Katharine, now a “Mawrter,” was especially drawn to the courses taught by Professors Charlotte Scott and James Barnes, in mathematics and physics, respectively. It was with Barnes that she studied optics, a subject that she would continue to develop throughout her career. Barnes also suggested that she continue in science after her college degree.

On campus, Katharine took on a number of leadership roles including treasurer and secretary of the Science Club, treasurer of the Christian Association, and manager of track meets, in addition to her participation in athletic activities like swimming, water polo, and hockey. She was also known, along with her mates from the Class of 1917, as somewhat of a prankster!

During this period, as the Great War raged in Europe, the United States made preparations to enter the conflict in the spring of 1917. Indeed, the College’s publications at that time reflected wartime concerns, including calls for students to participate in activities related to national defense.

A Wartime Master’s Degree

In the fall of 1917, Katharine traveled to the Midwest to enter a master’s degree program in physics at the University of Chicago (UC). There, in the Ryerson Physical Laboratory, she carried out research under the direction of a young faculty member, Professor Harvey Brace Lemon. Lemon was conducting research on the use of charcoal for the adsorption of gases, a project aimed at improving the efficacy of gas masks. This work was performed in cooperation with the government’s Chemical Warfare Service.

The First World War came to be known as the Chemists’ War, in part because of the harmful or incapacitating lethal gases—including tear gases, chlorine, phosgene, diphosgene, and mustard gas—that were deployed on the battlefield. Although early WWI masks were treated with sodium thiosulfate to neutralize chlorine gas, “the crude personal protection devices gave way to more advanced masks that were connected to a canister filled with activated charcoal to filter poison gases.”

Katharine completed her degree in the spring of 1918, just months before Professor Lemon was commissioned as a captain in the Army’s Ordnance Department. Her newly gained knowledge of surface phenomena, adsorption, and physical measurements would prove useful for her subsequent work at GE.

The June 1919 issue of the University of Chicago Magazine, under the headline, “Gas Mask Work at the University,” stated that “Now that the censorship on scientific work connected with war problems is being lifted it becomes possible to announce the publication of work done on our campus which has heretofore been known only by rumor.” Blodgett’s papers on charcoal adsorption were published in 1919, once they had been approved for release by the director of the Chemical Warfare Service at the end of the war.

Read the full chapter.

 This post is an excerpt from The Remarkable Life and Work of Katharine Burr Blodgett (1898–1979)‘, The Posthumous Nobel Prize in Chemistry. Volume 2. Ladies in Waiting for the Nobel Prize.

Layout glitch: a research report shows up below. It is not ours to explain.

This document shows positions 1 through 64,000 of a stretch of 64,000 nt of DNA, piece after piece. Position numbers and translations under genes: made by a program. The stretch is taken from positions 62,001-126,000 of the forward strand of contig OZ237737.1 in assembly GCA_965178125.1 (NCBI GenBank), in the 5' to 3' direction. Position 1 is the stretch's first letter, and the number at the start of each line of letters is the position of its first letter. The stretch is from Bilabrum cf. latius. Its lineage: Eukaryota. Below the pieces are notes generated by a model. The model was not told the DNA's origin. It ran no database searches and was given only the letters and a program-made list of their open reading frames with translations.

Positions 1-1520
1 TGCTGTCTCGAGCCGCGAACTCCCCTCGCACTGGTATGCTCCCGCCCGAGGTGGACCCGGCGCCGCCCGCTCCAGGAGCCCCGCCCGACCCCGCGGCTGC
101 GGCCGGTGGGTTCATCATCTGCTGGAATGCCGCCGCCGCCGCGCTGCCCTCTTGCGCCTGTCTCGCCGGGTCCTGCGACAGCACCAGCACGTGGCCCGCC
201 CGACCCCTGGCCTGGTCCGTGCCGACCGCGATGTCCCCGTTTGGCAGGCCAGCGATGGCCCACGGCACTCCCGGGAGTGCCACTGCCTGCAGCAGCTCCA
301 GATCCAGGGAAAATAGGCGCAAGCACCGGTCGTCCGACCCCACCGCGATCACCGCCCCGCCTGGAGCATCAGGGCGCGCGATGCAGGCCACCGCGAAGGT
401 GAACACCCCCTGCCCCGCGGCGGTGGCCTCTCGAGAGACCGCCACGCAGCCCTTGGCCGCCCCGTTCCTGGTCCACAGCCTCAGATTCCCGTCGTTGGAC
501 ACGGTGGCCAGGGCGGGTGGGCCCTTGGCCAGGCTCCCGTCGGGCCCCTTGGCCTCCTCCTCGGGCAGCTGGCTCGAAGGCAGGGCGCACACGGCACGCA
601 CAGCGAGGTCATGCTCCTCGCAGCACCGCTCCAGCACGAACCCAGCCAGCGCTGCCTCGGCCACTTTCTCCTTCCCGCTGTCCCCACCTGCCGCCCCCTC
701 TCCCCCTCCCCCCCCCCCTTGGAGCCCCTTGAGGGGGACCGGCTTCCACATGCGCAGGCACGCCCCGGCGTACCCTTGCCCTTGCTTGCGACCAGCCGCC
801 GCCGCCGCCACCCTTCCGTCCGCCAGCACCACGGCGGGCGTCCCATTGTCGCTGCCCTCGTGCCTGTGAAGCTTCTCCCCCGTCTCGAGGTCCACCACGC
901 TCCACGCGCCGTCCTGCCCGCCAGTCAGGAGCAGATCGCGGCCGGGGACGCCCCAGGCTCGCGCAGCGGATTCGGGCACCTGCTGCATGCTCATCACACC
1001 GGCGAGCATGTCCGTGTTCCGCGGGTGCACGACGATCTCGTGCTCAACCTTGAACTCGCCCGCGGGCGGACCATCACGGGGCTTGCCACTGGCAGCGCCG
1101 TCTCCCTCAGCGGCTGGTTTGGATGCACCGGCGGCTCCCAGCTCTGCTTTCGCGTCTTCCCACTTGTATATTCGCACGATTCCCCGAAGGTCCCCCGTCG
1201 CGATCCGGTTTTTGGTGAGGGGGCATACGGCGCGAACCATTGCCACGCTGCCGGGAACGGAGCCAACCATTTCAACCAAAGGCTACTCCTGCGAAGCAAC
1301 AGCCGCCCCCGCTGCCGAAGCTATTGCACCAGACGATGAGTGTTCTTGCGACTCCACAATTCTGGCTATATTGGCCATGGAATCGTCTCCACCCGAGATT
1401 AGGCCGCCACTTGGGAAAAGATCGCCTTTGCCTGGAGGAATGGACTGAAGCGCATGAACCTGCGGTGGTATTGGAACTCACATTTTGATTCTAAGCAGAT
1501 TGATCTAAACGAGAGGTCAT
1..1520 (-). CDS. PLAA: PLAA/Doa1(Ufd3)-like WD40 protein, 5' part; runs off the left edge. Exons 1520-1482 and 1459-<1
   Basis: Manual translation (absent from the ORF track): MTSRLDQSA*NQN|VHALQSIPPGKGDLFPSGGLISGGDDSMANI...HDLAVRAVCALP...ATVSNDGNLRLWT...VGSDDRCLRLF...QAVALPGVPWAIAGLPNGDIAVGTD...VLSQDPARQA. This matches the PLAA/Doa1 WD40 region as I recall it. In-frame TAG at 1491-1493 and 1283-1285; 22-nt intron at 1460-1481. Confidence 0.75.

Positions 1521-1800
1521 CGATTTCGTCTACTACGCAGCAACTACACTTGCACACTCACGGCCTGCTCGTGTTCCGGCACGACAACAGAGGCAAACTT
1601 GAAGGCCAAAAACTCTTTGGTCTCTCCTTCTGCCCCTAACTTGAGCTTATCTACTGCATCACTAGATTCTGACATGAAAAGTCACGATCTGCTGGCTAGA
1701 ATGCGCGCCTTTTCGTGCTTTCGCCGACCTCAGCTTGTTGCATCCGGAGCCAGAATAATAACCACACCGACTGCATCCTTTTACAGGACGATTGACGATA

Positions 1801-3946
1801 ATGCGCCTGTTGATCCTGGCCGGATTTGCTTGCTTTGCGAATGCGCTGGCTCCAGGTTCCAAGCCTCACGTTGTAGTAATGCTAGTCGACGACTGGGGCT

Chapter Author: Margaret E. Schott
Volume Editors: Vera V. Mainz, E. Thomas Strom
Publication Date (Web): December 14, 2018
Copyright © 2018 American Chemical Society

Celebrate IYPT with ACS

In 2019, ACS is joining in with the United Nations Educational, Scientific, and Cultural Organization (UNESCO) to help celebrate the 150th anniversary of the 1869 publication of Dmitri Mendeleev’s Periodic Table of Chemical Elements. The United Nations International Year of The Periodic Table of Chemical Elements (IYPT 2019) is an opportunity to look both back and forward. We can look back at the remarkable work chemists have done discovering, organizing, understanding, and manipulating elements over the course of chemistry’s comparatively brief history. We can also look ahead to all the discoveries yet to be made – and the ongoing debate about the best way to organize our knowledge about the elements.

The mission of the ACS is to advance the broader chemistry enterprise and its practitioners for the benefit of Earth and its people. That’s why ACS will be celebrating IYPT 2019 all year long with research, history, giveaways, events, webinars and more. Check out a list of all our major activities below. Bookmark this page, as new resources will be added throughout the year.


Fall 2019 National Meeting

  • #IYPT2019 Social Media Wall
  • Periodic Table giveaways at the ACS Booth
  • CCA Presidential Outreach Event

IYPT Community Events

IYPT Merchandise

Learn more and get additional resources on the official ACS IYPT site.


Learn About the History of the Periodic Table of Chemical Elements

In 2019, marks the 150th anniversary of the most beloved icon in chemistry, Dmitri Mendeleev’s Periodic Table of Chemical Elements. To honor this milestone, the United Nations Educational, Scientific, and Cultural Organization (UNESCO) proclaimed 2019 “The United Nations International Year of The Periodic Table of Chemical Elements” (IYPT 2019). The American Chemical Society (ACS), the International Union of Pure and Applied Chemistry (IUPAC), and scientific societies around the world will all be celebrating with special events, contests, and more.